My Experience With Pets and Sleep Paralysis
I got my first pet, an adorable puppy, when I was 27 years old.
At the time, I had not yet been diagnosed with narcolepsy, so I had no idea just how much her presence would play a fundamental role in my life — and her absence even more.
The story of how I got my dog
My friend Hannah told me about a friend of hers that was looking for a home for the last puppy in the litter, and to this day, I have no idea what made me do it... but I immediately replied with, “I want her!” At the time, I was in a very serious 5-year relationship, so even before I went to pick her up, my boyfriend and I had already decided we were going to name her "Honey."
Imagine my surprise when I went to pick her up and, since the family were initially going to keep her, they mentioned that they had already named “Mel" but insisted that I was free to change it.
I didn’t change it, because that was the moment I knew that this beautiful puppy was meant for me.
Why? Well, for context, I was living in Angola at the time, which is a Portuguese-speaking country in Southwestern Africa. “Mel” is the Portuguese word for “Honey.”
Having to give up my dog increased my narcolepsy symptoms
About 6 months after getting Mel, I was diagnosed with narcolepsy type 1, and 6 months after that, I also had to deal with the end of my relationship. It was just me and Mel now. She helped me get through some of the toughest moments during this time.
However, as I began a new job that increasingly demanded more and more of my time, the guilt of leaving Mel alone for 10 to 12 hours a day forced me to make a very tough decision — I had to give her up. Luckily, she didn’t go far and remained in the family with my sister and 5-year-old niece.
It was soon after I gave her away that some symptoms of narcolepsy I had only ever experienced a handful of times started to become a daily occurrence.
A terrifying episode of sleep paralysis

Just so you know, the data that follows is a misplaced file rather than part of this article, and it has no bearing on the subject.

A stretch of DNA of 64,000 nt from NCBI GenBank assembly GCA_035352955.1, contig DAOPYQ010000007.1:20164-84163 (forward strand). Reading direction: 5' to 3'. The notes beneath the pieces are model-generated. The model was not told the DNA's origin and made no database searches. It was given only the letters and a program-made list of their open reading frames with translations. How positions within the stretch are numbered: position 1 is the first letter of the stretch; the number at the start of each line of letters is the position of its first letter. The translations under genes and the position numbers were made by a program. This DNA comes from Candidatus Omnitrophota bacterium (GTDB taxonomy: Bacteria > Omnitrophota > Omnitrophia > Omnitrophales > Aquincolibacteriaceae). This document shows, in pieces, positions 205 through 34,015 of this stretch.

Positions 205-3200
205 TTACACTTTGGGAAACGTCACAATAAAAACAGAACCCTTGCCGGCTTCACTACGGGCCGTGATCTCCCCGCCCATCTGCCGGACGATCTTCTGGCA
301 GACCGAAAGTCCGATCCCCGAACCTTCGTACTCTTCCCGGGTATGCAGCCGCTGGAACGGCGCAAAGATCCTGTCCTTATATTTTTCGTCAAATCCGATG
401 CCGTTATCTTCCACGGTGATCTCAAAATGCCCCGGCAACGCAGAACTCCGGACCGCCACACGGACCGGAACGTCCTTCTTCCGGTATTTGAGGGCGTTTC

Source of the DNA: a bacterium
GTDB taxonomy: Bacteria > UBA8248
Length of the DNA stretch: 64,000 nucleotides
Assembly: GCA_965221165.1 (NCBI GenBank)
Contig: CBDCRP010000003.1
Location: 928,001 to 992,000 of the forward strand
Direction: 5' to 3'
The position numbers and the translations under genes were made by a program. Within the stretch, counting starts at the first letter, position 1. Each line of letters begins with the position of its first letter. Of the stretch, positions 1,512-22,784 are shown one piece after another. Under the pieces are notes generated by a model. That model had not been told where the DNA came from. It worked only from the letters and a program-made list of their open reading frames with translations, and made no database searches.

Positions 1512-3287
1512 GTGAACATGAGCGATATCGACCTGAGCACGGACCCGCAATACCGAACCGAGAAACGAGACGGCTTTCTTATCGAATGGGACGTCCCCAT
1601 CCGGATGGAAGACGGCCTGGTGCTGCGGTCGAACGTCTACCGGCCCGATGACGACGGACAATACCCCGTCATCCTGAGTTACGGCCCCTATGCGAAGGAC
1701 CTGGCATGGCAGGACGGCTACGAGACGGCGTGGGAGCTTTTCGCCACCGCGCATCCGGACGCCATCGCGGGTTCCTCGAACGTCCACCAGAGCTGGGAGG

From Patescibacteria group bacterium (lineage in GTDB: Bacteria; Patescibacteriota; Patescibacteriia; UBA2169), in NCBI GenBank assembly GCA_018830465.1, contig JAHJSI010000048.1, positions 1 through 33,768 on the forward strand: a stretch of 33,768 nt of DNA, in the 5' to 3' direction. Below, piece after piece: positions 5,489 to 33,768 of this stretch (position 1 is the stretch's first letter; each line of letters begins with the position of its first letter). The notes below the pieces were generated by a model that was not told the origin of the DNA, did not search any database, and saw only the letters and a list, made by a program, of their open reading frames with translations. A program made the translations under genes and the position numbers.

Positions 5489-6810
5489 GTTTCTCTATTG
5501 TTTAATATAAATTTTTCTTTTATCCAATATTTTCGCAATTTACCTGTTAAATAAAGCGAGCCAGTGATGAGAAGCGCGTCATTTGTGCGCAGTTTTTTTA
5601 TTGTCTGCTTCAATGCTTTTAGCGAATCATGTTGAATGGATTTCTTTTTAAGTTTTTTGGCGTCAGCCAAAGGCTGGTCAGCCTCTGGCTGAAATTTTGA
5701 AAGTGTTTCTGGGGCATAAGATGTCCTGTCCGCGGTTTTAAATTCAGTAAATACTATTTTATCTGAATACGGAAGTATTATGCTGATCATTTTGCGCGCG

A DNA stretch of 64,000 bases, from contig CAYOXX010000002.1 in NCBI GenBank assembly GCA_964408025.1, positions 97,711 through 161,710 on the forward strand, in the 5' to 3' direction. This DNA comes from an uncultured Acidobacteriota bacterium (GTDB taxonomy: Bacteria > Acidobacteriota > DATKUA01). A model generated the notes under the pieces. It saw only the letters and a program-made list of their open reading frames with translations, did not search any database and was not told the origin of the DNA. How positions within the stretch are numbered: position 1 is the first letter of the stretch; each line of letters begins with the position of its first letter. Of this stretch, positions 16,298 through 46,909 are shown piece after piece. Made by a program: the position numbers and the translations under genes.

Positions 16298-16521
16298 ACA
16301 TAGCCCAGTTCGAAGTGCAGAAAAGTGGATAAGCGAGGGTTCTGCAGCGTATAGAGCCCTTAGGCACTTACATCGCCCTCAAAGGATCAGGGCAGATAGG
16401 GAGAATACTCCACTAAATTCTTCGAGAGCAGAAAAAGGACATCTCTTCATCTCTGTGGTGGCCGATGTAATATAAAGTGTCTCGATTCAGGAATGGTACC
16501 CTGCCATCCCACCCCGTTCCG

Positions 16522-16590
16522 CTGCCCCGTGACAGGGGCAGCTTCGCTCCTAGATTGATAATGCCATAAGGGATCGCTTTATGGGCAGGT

The most memorable and truly frightening experience I had around that time happened only 2 weeks after Mel left. I went to sleep that night and it was a night like any other. I’m not sure how long I slept for, but I don’t believe it was long at all before I “woke up” in a frozen state, unable to move.
I could hear soft giggles coming from somewhere outside my bedroom. It sounded like a kid’s laughter, but not the good kind. It sent a chill down my spine and I became even more aware of my vulnerable position.
Sleep paralysis is a very difficult thing to describe, because even though my eyes were shut, I can remember seeing 3 small children standing by my door and staring at me with the most malicious look in their eyes. I cannot describe how terrifying this experience was.
Mel made me feel protected, even from my narcolepsy symptoms
It took me a while to understand why I was suddenly having so many of these episodes, and how having Mel had, in many ways, kept me "protected."
Although narcolepsy has a defined set of symptoms, they affect us all in different ways. I only discovered that sleep paralysis and hallucinations are some of my most prominent symptoms when I no longer had Mel.
I eventually began to understand the following:
Mel's alerts to movement made me feel protected
Mel was the type of dog that would bark if anyone even passed by the front door, so if I thought I heard or saw something during the night, she was who I looked to for corroboration. If she was silent or sleeping then I knew everything was fine.
She would wake me up when I was having a nightmare
She always slept in her little bed next to me on the floor, but if I was having a particularly horrible nightmare or was in distress, she would jump on my bed and start sniffing her way up to my head and wake me up.
She could tell when I was upset
She would always be able to tell if I was feeling particularly down or upset, and just her simple way of grabbing her small ball and basically forcing me to play with her also helped me avoid many cataplexy attacks. Even simply seeing her cute face appearing to try and comfort me cheered me up almost instantly.
Having a pet can be a benefit your health
At the end of the day, having any pet can have a truly beneficial impact on your life and even your symptoms.
I would love to know who else has had an experience with narcolepsy and pets, good or bad.
How important is following a daily routine for managing your narcolepsy?
Join the conversation